CHAPTER XXI. THE INLAND SEA.
Dipped in the lines of sunset, wreathed in zones,
The clouds are resting on their mountain thrones;
One peak alone exalts its glacier crest,
A golden paradise above the rest.
Thither the day with lingering steps retires,
And in its own blue element expires.
Monday, February 12th. - Fires were lighted at 4 a.m., and by six we were steaming slowly out of the beautiful bay of Kobe. It was a cold bright morning, with a strong head wind, increasing every moment as we proceeded, until, in the straits of Akashi, it became almost impossible to make any way against it. There was not much sea, but the wind impeded our progress so much, that it was at last reduced to one mile instead of nine an hour. The straits are very fine, and the old castle presents an admirable specimen of the architecture of a Daimio's residence.
We proceeded across the Harima Nada, where we were more or less exposed to the open sea, and where we took more water on board than we had done in the gale before arriving at Yokohama. There were no big waves, but we rolled tremendously, and the spray came over us, though the mere force of the wind seemed to keep the sea down.
After struggling until twelve o'clock, and having done but little good for the last three hours, Tom determined to run back, and in a short time we found ourselves once more at anchor in the harbour of Kobe. It was a work of considerable difficulty, owing to the strong wind and tide, to steer safely among the numerous vessels, and for a few minutes we thought we were aground, as we did not make the slightest progress, though the engines were working ahead full speed. The proveedor's boat came out to us as soon as we were perceived, and we landed in her; but it was as much as the six stout oarsmen could do to make way against the wind.
We went for a walk, or rather a scramble, to the waterfall, half-way up to the Temple of the Moon. Much of the ground was covered with snow, the streams were frozen at the sides, and there were hanging icicles to be seen, six feet in length; and yet on either side were camellias and tea-trees covered with red and white blossoms, orange-trees, laden with fruit; gold-fish swimming about in ponds, overhung with maidenhair fern, besides pteris and hothouse ferns, shaded by bamboos, palms, and castor-oil plants. The order of vegetation seems to be as much reversed as everything else in this strange country. In England all those plants would require conservatories, or at least sheltered spots, and the greatest care, instead of being exposed to frost and snow.
Getting on board again was even a more difficult business than landing had been; but we arrived at last without mishap.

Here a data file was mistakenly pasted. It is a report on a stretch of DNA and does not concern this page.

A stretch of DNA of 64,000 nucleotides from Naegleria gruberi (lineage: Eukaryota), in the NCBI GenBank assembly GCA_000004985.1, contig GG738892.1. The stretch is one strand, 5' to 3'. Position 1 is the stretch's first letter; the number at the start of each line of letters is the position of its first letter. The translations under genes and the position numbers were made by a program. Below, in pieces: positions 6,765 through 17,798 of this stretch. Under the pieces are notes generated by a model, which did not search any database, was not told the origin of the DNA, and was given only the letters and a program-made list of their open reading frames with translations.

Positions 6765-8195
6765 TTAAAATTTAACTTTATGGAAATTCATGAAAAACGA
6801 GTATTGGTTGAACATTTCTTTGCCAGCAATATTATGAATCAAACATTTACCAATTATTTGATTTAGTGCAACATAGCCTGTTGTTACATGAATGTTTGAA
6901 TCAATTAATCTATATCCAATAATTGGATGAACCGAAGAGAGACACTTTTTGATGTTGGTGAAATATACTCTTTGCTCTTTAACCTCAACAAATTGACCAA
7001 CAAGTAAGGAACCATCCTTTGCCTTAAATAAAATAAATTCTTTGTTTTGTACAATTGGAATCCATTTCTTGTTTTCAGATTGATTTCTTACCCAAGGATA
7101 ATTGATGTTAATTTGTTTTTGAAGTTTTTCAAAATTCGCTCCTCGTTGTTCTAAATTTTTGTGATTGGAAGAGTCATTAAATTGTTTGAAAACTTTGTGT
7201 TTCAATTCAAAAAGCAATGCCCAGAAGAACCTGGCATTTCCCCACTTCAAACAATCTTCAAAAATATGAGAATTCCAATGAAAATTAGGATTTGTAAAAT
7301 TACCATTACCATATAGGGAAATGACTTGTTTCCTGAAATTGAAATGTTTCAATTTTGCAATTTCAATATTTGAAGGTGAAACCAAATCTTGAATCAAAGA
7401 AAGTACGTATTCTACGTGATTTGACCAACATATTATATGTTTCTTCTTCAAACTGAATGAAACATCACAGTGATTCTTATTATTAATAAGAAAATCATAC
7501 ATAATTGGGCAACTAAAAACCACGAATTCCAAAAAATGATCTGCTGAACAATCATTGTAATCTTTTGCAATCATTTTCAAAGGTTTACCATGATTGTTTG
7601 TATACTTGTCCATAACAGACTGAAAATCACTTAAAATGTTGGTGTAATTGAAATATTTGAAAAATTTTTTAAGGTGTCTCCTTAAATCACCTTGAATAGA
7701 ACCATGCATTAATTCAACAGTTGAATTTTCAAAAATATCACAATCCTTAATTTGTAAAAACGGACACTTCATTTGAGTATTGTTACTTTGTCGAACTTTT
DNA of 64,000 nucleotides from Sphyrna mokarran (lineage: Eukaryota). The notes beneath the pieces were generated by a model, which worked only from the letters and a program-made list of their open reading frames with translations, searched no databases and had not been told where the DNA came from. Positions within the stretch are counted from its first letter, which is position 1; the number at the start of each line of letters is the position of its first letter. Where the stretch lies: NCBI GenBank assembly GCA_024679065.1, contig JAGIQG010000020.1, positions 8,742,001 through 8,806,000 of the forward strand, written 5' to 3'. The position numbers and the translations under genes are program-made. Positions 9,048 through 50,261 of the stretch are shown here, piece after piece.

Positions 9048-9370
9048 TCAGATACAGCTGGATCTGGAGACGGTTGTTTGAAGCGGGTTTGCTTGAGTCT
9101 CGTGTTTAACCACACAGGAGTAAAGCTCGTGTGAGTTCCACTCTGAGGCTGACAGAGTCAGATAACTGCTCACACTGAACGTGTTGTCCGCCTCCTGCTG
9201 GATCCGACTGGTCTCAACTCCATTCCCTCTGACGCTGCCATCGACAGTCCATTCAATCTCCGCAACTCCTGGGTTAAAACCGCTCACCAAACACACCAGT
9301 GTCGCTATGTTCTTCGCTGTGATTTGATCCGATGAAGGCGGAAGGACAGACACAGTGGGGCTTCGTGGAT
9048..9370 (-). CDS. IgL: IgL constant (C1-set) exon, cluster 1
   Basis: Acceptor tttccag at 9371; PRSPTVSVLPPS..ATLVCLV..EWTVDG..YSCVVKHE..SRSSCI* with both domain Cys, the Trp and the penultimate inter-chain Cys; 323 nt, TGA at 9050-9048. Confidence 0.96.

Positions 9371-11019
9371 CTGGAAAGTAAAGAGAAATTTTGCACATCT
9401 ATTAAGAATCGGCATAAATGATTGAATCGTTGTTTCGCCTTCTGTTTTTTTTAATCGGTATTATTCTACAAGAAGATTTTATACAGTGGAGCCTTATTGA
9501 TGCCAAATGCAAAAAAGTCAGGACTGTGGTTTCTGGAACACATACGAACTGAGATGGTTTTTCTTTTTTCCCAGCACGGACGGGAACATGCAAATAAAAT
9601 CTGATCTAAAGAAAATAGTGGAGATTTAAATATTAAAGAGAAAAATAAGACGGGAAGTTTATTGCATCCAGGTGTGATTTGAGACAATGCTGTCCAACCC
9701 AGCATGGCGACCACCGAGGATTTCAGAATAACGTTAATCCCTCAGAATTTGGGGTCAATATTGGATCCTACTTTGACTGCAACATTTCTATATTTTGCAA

Tuesday, February 13th. - The wind dropped at sunset, and as it continued calm all night, Tom ordered fires to be lighted at 4 a.m. By six o'clock, however, it was blowing harder than ever, and we therefore decided to make an excursion to Arrima instead of attempting another start.
We went ashore to make the necessary arrangements, and it was settled that we should start at ten o'clock, which we did, with the Consulate constable as our guide.
We had three men to each jinrikisha, and went along at a merry pace through the long straggling towns of Kobe and Hiogo. The cold was intense, and before we started our poor jinrikisha men were shivering until they nearly shook us out of the vehicles. Soon they were streaming with perspiration, and at our first halting-place they took off almost all their garments, though it was as much as we could do to keep warm in our furs and wraps. We waited while they partook copiously of hot tea and bowls of rice, and bought new straw shoes, or rather sandals, for less than a farthing a pair.
To-day being the Japanese New Year's Day, all the little shrines in the houses and along the road were prettily decorated, and had offerings of rice, saki, and fruit deposited upon them. The spirits of the departed are supposed to come down and partake, not of the things themselves, but of the subtle invisible essence that rises from them. The road now became very pretty, winding through the valleys, climbing up and dipping down the various hills, and passing through picturesque villages, where all the people, leaving their meals or their games, came out to look at us, while some of the children scampered on to secure a good view of the foreigners, and others ran away frightened and screaming. They were all dressed in dark blue clothes, turned up with red, with bright embroidered obis and flowers in their elaborately dressed hair. I have managed to get some dolls' wigs, which give a good idea of the various styles of hair-dressing.